The airline is one of the biggest operators of Boeing 737 Max 9 jets and has had to cancel flights.
A major US airline has said it expects to lose money in the three months between January and March due to the grounding of Boeing 737 Max 9 jets.
The US Federal Aviation Administration (FAA) grounded 171 of them after an unused door broke away mid-flight.
United Airlines has 79 of the aircraft in its fleet, more than any other carrier, followed by Alaska Airlines.
Both airlines have been forced to cancel hundreds of flights this month as inspections are carried out.
United has said it expects the planes to remain grounded until 26 January and its forecast assumes it won’t be able to fly them at all this month.
The Alaska Airlines flight from Portland, Oregon to Ontario, California, had reached 16,000ft (4,876m) when it began its emergency descent, according to flight tracking data, after the unused emergency exit door blew out.
On Sunday, the FAA said another, older 737-900ER model should also be inspected as they use the same door design. United has 136 of these jets in its fleet.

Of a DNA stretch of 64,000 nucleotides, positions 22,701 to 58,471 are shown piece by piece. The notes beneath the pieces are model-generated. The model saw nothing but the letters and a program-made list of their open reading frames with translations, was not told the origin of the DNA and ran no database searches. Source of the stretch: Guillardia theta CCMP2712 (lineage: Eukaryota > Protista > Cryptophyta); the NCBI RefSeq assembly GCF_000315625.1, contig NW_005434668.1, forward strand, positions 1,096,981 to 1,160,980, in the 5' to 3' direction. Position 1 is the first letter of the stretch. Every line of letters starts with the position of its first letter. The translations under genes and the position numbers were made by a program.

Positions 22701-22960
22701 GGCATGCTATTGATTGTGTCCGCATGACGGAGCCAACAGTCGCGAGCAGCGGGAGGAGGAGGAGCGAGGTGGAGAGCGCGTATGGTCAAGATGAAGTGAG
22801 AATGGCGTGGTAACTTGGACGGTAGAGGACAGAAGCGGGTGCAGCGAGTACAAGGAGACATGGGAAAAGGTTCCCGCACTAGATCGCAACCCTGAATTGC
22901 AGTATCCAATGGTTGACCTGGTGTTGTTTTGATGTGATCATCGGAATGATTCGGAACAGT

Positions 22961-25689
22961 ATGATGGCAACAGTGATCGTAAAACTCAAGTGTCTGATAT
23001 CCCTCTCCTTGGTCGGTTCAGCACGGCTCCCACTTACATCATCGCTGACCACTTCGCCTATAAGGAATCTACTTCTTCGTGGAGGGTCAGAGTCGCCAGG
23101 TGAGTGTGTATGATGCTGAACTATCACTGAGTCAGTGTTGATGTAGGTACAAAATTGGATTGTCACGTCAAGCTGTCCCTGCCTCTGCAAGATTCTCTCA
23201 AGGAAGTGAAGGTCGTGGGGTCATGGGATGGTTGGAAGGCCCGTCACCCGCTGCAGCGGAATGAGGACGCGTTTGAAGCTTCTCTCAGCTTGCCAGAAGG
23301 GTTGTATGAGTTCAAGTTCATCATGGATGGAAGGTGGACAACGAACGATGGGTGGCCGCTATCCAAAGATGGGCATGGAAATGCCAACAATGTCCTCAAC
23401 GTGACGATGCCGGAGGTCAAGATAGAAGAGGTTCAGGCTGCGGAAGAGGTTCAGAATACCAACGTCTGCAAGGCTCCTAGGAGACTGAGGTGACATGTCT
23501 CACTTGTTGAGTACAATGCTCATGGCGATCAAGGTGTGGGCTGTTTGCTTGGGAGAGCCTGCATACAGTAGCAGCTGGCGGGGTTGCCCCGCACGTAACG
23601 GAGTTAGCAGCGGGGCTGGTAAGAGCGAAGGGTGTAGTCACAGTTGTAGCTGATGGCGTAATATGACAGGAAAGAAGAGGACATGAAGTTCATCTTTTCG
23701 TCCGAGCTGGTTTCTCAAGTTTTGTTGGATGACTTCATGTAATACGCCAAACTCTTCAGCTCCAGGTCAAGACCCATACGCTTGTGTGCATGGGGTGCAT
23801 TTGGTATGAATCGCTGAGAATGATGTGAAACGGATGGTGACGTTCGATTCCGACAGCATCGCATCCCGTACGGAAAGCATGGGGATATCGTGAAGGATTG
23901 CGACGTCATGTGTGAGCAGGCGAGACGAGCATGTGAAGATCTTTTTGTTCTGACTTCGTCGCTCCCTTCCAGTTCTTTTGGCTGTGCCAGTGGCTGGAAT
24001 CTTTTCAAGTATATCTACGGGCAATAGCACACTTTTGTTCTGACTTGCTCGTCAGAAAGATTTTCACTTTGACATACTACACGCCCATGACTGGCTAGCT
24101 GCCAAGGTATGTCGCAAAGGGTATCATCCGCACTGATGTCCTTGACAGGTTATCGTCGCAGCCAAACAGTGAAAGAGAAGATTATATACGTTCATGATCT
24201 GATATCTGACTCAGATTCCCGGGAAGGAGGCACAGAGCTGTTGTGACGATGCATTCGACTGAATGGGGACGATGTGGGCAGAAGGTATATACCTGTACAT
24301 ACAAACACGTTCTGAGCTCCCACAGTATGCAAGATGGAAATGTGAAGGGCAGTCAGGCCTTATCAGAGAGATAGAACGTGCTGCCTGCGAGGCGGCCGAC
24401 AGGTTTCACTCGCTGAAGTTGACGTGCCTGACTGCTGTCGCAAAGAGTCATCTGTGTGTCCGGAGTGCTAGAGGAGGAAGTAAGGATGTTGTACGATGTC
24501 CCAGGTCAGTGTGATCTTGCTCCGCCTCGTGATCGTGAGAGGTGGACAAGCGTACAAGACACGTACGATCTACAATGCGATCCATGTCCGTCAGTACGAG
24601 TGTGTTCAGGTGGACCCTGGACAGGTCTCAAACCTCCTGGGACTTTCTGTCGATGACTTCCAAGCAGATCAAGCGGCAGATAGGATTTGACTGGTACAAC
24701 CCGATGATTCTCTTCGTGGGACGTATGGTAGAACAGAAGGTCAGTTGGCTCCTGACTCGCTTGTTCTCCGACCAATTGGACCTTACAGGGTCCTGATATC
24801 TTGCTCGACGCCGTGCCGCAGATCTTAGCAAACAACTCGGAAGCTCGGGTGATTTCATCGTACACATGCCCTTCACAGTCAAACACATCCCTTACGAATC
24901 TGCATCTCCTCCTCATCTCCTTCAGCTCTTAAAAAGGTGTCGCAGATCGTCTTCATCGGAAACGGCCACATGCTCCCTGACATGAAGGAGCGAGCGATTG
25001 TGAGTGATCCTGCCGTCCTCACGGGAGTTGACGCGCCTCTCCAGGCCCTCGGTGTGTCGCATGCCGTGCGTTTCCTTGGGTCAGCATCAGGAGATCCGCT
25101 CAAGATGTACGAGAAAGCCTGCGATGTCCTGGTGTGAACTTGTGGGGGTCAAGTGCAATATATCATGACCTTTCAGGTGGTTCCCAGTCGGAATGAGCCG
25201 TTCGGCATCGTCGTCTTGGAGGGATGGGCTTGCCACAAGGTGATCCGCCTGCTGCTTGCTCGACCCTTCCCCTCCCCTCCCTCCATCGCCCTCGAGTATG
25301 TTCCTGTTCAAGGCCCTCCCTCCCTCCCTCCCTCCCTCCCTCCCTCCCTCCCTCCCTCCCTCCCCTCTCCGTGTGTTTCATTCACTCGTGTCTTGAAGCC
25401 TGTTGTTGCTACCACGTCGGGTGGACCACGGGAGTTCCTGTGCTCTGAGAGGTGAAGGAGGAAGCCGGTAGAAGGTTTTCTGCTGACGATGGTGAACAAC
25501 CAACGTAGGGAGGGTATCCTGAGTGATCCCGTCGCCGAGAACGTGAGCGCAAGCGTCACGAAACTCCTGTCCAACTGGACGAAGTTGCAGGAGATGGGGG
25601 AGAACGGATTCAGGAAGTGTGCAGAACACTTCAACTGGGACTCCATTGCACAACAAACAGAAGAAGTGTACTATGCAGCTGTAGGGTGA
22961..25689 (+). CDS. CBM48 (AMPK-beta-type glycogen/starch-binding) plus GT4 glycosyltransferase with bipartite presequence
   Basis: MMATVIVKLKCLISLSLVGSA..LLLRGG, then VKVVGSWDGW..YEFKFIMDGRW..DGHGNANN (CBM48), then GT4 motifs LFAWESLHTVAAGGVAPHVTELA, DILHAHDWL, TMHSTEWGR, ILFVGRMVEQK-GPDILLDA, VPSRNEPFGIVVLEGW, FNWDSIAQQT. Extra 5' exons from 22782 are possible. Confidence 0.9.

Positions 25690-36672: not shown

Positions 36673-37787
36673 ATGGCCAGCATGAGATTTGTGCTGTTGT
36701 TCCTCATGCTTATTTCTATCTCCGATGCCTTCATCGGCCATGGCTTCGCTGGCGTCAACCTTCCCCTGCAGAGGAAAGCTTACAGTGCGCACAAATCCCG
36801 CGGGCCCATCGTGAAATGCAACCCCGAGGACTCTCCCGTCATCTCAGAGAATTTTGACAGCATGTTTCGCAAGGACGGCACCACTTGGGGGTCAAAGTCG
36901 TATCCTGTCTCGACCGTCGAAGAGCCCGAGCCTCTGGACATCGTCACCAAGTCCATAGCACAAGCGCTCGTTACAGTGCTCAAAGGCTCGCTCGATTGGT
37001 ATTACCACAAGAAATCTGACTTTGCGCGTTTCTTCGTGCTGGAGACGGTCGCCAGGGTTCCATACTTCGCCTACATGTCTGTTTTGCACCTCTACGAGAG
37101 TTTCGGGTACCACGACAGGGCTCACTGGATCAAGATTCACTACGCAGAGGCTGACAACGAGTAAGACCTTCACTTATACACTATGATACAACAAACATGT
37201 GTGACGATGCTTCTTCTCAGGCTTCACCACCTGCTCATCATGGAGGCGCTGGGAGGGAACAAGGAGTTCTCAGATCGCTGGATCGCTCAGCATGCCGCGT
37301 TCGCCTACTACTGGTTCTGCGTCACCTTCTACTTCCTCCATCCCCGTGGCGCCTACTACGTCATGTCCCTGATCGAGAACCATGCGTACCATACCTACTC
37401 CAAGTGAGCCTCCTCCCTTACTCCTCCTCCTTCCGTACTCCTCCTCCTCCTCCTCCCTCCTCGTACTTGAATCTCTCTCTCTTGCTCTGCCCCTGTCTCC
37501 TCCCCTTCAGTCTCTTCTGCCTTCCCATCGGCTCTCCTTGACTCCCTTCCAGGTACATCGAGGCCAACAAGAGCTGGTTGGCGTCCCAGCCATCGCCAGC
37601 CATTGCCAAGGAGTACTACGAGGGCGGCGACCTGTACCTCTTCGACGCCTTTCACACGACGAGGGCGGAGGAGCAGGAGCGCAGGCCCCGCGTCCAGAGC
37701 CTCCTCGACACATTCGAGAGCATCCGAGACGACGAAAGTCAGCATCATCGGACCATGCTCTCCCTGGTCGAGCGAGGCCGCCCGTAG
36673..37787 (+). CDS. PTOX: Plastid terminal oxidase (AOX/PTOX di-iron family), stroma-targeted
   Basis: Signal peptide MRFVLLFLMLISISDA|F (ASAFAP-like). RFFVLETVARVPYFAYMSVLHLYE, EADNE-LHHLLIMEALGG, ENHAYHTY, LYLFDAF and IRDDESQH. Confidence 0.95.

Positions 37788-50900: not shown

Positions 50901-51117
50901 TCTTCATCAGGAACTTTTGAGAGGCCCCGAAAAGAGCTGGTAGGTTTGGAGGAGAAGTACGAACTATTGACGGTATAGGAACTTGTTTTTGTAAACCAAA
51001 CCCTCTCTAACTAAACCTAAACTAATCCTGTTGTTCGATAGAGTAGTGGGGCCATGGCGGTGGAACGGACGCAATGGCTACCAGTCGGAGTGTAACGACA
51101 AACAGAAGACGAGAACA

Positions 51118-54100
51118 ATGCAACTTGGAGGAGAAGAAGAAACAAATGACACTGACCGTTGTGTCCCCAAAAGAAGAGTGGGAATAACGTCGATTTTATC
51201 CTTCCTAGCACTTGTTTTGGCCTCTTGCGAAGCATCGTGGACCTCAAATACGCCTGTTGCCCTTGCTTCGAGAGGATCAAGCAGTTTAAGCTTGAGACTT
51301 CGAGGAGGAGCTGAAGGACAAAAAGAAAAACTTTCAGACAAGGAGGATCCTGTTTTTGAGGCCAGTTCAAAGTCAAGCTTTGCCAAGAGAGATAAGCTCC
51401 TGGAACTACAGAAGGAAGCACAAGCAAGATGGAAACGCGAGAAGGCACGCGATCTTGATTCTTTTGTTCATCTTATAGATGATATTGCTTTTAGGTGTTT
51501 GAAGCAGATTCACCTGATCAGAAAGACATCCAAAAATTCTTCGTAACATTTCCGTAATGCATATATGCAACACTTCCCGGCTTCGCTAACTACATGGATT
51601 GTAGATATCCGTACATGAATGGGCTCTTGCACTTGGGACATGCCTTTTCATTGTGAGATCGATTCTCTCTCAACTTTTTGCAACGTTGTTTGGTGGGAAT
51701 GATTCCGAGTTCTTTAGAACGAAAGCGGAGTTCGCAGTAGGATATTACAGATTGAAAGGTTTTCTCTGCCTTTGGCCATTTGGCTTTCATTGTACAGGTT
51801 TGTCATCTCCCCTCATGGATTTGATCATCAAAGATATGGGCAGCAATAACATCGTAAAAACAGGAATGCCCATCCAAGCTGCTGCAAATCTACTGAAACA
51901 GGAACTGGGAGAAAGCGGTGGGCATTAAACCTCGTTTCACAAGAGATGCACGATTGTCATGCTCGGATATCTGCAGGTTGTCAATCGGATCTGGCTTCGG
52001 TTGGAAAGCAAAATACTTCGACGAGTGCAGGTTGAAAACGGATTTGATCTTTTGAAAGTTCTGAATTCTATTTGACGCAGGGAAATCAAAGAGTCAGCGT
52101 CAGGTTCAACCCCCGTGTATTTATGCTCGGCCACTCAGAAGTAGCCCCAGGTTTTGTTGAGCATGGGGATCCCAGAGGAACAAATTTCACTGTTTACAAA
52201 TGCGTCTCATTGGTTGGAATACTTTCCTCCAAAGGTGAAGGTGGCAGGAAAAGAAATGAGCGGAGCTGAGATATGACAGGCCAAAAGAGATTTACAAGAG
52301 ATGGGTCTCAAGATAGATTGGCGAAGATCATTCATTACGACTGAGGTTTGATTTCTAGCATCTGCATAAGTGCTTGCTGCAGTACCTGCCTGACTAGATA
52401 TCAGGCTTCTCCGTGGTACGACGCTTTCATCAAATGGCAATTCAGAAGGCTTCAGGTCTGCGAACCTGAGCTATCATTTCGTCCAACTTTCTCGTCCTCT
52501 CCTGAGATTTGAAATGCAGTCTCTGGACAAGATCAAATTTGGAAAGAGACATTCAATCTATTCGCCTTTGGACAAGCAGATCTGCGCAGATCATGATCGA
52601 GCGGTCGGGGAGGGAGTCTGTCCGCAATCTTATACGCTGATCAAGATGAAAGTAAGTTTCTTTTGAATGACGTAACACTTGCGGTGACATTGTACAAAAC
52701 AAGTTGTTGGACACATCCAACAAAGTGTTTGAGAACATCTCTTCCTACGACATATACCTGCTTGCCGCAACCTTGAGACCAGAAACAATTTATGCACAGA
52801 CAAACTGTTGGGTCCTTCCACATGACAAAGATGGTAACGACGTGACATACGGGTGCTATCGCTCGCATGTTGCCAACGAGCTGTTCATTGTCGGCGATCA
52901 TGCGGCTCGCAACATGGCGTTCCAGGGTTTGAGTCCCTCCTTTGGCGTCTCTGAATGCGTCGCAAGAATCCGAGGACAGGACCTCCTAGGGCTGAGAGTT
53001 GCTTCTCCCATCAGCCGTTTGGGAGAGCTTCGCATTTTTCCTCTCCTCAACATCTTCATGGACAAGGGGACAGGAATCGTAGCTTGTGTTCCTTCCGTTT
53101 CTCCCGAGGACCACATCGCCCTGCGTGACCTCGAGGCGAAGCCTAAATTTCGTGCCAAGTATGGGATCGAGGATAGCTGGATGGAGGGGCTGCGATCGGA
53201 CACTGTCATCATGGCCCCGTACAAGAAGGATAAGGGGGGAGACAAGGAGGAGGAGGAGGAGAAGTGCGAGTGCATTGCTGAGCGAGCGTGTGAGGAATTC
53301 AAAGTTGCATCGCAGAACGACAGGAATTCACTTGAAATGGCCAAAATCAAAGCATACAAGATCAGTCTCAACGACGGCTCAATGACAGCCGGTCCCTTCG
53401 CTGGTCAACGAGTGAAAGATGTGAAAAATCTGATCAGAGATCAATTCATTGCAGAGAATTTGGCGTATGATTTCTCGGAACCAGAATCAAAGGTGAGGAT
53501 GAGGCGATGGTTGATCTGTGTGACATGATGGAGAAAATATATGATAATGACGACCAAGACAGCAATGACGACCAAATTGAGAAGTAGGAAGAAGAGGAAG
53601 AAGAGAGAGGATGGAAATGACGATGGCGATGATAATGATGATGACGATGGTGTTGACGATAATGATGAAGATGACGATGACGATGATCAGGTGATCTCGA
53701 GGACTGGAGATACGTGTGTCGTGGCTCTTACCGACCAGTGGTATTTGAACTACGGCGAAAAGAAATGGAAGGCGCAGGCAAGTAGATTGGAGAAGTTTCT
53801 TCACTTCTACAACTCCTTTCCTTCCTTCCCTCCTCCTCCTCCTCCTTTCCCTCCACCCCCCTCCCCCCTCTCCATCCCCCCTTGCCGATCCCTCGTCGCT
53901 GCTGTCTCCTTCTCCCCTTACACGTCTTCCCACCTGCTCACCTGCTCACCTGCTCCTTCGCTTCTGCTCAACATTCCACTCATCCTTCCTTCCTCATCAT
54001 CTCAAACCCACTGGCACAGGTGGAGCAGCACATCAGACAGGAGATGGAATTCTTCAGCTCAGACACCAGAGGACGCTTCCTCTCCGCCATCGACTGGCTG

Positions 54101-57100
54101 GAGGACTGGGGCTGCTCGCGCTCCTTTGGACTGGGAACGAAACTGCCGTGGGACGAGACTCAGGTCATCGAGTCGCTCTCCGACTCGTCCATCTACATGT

In a statement on Sunday, the agency said: “The safety of the flying public, not speed, will determine the timeline for returning these aircraft to service.”
The 737-900ER models have carried out 11 million hours of operations without similar incident to the newer 737 Max 9s.
The FAA did not order the older model to be grounded while the visual inspections are carried out by operators.
Boeing has said it will increase the quality of inspections in its manufacturing processes in wake of the incident.
On Tuesday, United reported flat pre-tax profits of $3.4bn (£2.67bn) for the whole of 2023.
United will discuss the results on a call with analysts and investors on Tuesday morning when the firm is expected to provide an update on the safety inspections of the grounded planes.
Both Alaska and Boeing are scheduled to report their results in the next two weeks.